Truth is, at the beginning of recovery, you will feel like you CONSTANTLY need to eat & sometimes, it’s true, it can get overwhelming. BUT, think of recovery as the process by which your body, having been deprived of NUTRITION for so long, needs to become re-adapted to the idea & act of EATING all over again. Think of it as a spark that needs to be reignited. In order to reignite that spark, you need to CONSTANTLY FEED YOUR BODY, RESPOND TO ITS NEEDS FOR ENERGY & CALORIES!

Your body speaks to you. LISTEN TO IT.

Once again, rest assured that your caloric needs will eventually normalize & stabilize. But, you have to keep in mind, throughout the difficulties associated with re-feeding, that your body is NOT THE SAME as the body of someone who did not go through an ED. Your body is working ten times harder to repair all your insides that were damaged as a result of your illness.

Throughout the re-feeding process & recovery, your body is basically repairing muscles, bones, organs & deep essential fat tissues that have been damaged during the illness. This process uses A LOT OF ENERGY, more than the average person. AND THAT’S COMPLETELY NORMAL!

Put it this way: With its wonderful abilities to adapt, particularly for survival, when one suffers from an eating disorder, the body learns to survive off very little nutrition for quite some time. Most people can “get by” & maintain their weight. However, when recovery begins, and you begin reintroducing adequate fuel to your body, it will literally soak up said fuel like a SPONGE & keep going, literally,  energizer bunny style, fast & furious! This is your body telling you that its putting all your bodily functions back into place. It’s your body telling you that it’s readapting to this fuel that is ALMOST FOREIGN! 

Unfortunately, you may find yourself unsure of just how much you should be eating. Of course, like all bodily functions, metabolism is highly individualized  from person to person & this is why I cannot stress enough the importance of LISTENING TO YOUR BODY & that it should NEVER BE ABOUT NUMBERS OR CALORIES!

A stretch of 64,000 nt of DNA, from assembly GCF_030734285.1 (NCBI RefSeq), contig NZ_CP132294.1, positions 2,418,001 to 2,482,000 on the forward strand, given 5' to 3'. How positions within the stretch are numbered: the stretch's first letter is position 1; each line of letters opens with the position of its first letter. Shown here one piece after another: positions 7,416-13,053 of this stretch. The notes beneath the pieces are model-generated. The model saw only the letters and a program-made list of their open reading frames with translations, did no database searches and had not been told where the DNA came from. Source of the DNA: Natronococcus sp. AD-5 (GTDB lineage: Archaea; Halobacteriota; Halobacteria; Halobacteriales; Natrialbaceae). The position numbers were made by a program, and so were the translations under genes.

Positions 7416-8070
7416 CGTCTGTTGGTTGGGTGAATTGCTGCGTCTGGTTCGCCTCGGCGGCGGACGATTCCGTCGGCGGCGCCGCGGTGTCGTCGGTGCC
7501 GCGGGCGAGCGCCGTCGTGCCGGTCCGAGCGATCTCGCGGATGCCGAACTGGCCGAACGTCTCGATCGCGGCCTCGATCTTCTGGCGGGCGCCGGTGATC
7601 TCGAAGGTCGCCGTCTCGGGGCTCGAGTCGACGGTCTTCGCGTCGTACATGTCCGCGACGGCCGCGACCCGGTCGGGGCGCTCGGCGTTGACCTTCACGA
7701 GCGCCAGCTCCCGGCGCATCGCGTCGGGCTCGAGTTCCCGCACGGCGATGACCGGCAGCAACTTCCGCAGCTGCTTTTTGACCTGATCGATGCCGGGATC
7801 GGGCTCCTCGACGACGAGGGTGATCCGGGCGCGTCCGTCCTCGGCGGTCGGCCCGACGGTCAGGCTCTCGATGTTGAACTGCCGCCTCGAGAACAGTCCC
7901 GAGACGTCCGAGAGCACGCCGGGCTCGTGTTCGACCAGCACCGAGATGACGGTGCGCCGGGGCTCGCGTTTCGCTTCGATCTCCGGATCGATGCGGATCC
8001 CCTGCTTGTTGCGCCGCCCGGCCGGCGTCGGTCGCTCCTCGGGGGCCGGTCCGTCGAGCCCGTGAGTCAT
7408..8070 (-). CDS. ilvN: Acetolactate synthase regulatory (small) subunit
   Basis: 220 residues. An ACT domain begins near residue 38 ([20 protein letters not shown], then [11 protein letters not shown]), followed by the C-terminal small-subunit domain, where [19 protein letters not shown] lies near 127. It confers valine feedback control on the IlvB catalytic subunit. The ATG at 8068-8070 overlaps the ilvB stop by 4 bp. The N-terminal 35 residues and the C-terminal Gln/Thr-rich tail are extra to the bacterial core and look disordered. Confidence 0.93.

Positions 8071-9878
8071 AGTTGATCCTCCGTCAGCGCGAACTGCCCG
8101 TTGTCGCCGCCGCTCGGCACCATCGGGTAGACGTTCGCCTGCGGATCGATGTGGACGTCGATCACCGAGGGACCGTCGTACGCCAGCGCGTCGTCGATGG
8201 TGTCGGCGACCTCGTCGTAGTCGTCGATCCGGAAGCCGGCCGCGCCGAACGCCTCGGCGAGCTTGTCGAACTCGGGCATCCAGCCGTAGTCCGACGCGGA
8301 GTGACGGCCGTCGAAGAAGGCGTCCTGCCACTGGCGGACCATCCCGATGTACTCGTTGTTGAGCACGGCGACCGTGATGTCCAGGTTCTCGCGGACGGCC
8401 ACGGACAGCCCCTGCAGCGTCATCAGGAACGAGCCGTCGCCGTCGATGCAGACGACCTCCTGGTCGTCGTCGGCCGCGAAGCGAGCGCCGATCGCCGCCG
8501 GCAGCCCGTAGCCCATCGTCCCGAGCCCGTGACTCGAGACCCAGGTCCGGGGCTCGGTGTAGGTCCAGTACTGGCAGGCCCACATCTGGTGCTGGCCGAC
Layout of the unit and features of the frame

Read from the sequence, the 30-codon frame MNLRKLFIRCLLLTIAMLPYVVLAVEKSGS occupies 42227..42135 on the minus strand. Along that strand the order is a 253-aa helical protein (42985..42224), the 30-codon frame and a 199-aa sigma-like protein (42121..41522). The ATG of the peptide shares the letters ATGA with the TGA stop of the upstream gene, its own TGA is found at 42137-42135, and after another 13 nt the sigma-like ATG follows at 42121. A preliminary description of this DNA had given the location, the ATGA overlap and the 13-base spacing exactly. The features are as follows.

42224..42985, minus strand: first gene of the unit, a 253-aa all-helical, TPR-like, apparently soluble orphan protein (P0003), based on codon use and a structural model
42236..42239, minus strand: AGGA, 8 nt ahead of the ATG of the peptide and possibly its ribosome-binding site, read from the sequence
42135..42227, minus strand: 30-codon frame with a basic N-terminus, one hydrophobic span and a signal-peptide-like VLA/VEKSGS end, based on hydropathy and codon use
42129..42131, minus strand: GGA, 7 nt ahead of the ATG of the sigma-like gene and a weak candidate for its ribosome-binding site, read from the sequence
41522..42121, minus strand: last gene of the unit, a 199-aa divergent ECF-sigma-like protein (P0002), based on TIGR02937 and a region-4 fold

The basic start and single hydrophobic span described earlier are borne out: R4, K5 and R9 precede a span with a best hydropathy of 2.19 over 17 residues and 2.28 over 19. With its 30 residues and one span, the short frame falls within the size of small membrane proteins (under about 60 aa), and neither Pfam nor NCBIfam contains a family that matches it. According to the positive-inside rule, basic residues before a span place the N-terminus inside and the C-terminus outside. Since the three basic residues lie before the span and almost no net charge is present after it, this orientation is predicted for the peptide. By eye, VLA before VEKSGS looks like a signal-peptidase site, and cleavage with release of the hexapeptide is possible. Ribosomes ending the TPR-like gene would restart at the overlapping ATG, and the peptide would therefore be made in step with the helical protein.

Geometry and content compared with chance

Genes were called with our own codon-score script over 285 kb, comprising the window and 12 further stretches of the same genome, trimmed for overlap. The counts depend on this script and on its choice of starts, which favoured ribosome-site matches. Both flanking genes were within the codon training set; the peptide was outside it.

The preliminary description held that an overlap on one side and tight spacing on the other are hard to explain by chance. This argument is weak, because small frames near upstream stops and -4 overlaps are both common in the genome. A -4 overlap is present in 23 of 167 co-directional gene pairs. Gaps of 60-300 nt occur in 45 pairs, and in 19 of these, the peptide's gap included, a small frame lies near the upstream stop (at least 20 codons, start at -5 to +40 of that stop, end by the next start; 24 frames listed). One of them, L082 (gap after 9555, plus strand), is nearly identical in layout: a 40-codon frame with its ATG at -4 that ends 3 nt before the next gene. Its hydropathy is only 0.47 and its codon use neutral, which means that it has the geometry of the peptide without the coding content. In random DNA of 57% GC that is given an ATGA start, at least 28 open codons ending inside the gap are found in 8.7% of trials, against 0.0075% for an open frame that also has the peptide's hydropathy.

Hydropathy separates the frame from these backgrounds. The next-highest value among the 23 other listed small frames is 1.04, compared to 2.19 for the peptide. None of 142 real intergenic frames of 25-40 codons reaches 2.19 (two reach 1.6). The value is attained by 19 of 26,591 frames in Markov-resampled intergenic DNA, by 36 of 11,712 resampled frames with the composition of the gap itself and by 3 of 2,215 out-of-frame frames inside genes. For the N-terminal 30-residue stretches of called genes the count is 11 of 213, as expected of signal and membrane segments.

Throughout recovery, my meal plan was NEVER about calories. Ever since the first day I began implementing my meal plan & until today, I still have no idea what number my nutritionist had in mind as she built the plan for me. All I know is that IT WORKED!

Especially in recovery, I do believe that it is CRUCIAL to get away from the numbers. You should not be aware of how many calories you are consuming on a daily basis, because given everything I’ve mentioned thus far, I think it’s pretty clear that you will be EATING A LOT & those numbers could be overwhelming & even scary, to someone with a disordered mind / perception & someone who is coming out of an unhealthy relationship with food.

It really needs to be about HOW YOU FEELDo you feel energized? Weak? You really have to judge & gage your own situation & then GIVE YOUR BODY WHAT IT’S ASKING FOR, based on your assessment of YOUR feelings!

In doing so, you will also come to know & realize just how much you have to eat in order to actually start gaining weight, maintain the gains & keep them on (& not just have them fluctuate). (My therapist kept telling me that & I literally did not believe him one bit – I always thought, just like the stereotype has always taught us – I could go to McDonald’s tomorrow, eat five Big Macs & BAM, the scale will go up).